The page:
• For people who were obese or overweight, a two-dose regimen reduced the risk of illness by 91%; among the same group, partial vaccination reduced the risk by 76%.
  • For those with hypertension, a two-dose regimen of either mRNA vaccine reduced the risk of illness by 92%; partial vaccination reduced the risk by 83%.
  • For people with asthma, a two-dose regimen of either mRNA vaccine reduced the risk of illness by 91%; partial vaccination reduced the risk by 78%.
  • For immunocompromised people, the risk of illness was reduced by 39% whether they received a single dose or two doses of either mRNA vaccine.
  • Among the 62 people in the study who were pregnant at the time they were surveyed, vaccination was 77% effective in preventing symptomatic COVID-19 illness in those who had received at least one dose of one of the mRNA vaccines.

The study was conducted between December 2020 and May 2021.

What’s Really in E-Cigarettes?

E-cigarette makers are not disclosing everything that goes into their products, report researchers from Johns Hopkins. When they applied an advanced fingerprinting technique that’s often used to identify chemicals in food and wastewater to tobacco flavored e-cigarette aerosols made by Mi-Salt, Vuse, Juul, and Blu, they found thousands of unknown chemicals and substances not listed on the labels.

Six were deemed potentially harmful, including three never found in tobacco flavored e-cigarettes before, including caffeine. Previously caffeine had only been seen in caffeine-oriented flavors like coffee and chocolate.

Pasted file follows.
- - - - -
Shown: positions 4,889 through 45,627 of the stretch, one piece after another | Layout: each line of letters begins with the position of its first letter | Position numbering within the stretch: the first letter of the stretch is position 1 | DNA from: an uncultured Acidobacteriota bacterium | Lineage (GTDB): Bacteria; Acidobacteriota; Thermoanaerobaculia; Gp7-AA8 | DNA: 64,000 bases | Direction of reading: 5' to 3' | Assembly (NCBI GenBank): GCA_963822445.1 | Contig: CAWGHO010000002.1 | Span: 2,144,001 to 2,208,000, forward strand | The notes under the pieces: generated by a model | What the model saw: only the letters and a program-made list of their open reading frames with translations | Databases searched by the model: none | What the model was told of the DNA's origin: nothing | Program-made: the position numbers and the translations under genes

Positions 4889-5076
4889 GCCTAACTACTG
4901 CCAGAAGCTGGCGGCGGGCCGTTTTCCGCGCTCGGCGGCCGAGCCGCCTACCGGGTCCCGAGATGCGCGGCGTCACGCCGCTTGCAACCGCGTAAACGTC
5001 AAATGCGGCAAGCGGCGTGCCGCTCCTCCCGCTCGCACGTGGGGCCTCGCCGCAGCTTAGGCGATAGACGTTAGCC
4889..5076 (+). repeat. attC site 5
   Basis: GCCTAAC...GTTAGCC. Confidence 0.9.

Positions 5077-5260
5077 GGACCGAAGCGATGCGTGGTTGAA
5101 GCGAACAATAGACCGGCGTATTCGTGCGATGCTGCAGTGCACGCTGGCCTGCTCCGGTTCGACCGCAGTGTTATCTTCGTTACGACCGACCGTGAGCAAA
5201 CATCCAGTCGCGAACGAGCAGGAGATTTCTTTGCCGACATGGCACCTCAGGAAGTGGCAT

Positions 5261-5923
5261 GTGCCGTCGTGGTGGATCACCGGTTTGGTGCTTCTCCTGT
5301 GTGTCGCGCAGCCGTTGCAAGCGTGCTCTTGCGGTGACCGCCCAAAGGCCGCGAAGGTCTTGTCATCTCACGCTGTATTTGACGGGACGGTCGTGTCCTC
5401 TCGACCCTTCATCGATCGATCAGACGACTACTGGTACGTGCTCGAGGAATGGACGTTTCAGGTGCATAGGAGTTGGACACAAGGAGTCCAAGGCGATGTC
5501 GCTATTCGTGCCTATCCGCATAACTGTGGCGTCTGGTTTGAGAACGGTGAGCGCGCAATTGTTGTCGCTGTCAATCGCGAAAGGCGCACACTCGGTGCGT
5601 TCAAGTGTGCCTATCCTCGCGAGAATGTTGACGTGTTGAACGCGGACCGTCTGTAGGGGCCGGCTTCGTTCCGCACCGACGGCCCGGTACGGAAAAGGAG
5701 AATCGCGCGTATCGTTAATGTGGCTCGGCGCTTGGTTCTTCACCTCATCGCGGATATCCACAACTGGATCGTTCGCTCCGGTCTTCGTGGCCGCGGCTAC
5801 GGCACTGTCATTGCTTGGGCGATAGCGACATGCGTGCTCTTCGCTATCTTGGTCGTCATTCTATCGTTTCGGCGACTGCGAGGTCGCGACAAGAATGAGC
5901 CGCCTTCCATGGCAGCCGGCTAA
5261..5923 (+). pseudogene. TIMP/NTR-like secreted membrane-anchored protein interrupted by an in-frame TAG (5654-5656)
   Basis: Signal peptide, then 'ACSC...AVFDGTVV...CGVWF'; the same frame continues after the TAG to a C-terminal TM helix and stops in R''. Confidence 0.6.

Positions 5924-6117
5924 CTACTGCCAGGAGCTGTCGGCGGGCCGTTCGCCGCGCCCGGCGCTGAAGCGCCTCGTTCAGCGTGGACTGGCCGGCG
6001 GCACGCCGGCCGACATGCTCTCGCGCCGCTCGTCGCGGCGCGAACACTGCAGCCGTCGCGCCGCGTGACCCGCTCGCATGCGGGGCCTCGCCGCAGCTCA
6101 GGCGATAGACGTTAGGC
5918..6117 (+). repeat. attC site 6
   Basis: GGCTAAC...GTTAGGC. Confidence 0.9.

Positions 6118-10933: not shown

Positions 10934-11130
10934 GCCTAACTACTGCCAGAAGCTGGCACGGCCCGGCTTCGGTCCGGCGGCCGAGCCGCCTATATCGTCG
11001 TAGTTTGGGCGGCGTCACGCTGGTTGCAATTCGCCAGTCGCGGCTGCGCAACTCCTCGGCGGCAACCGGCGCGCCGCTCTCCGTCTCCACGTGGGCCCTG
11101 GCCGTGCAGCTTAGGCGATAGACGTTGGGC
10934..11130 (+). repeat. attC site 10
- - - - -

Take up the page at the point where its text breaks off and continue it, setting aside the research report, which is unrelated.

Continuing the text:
“Existing research that compared e-cigarettes with normal cigarettes found that cigarette contaminants are much lower in e-cigarettes. The problem is that e-cigarette aerosols contain other completely uncharacterized chemicals that might have health risks that we don’t yet know about,” said senior author Carsten Prasse. “More and more young people are using these e-cigarettes and they need to know what they’re being exposed to.”

In addition to all the chemicals and other substances they identified in their investigation, the researchers also found evidence of hydrocarbon-like compounds typically associated with combustion, even though combustion is not supposed to be occurring during vaping.

The study appeared in Chemical Research in Toxicology.

Saliva Test Might Guide Treatment in Kids with COVID-19

A simple saliva test might be able to determine which children with COVID-19 will develop a severe case. U.S. researchers who presented the results of a preliminary analysis of saliva samples taken from 150 children found that levels of two cytokines were higher in those who went on to have a severe case than in those who did not develop a severe infection.

Dozens of microRNA levels were altered as well, with most of them found to be significantly lower in the children with severe infections.

“Since pediatric COVID-19 infections are rising across the country, there is an urgent need to understand which children are at risk for severe infection,” said Dr. Steven Hicks, pediatrician at Penn State Health Children’s Hospital and coauthor of the study. “This noninvasive and painless method for determining COVID-19 severity could have the potential to help clinicians begin timely and appropriate treatment, which may improve patient outcomes.”

The researchers plan to continue the study, with the goal of obtaining saliva samples from 400 children ages 18 and younger who seek emergency care at two Pennsylvania hospitals.

The preliminary results were shared during a presentation at the American Academy of Pediatrics National Conference and Exhibition on Oct. 8.

Email newsroom@aarc.org with questions or comments, we’d love to hear from you.

Debbie Bunch

Debbie Bunch is an AARC contributor who writes feature articles, news stories, and other content for Newsroom, the AARC website, and associated emailed newsletters. In her spare time, she enjoys reading, traveling, photography, and spending time with her children and grandchildren. Connect with Debbie by email or on AARConnect or LinkedIn.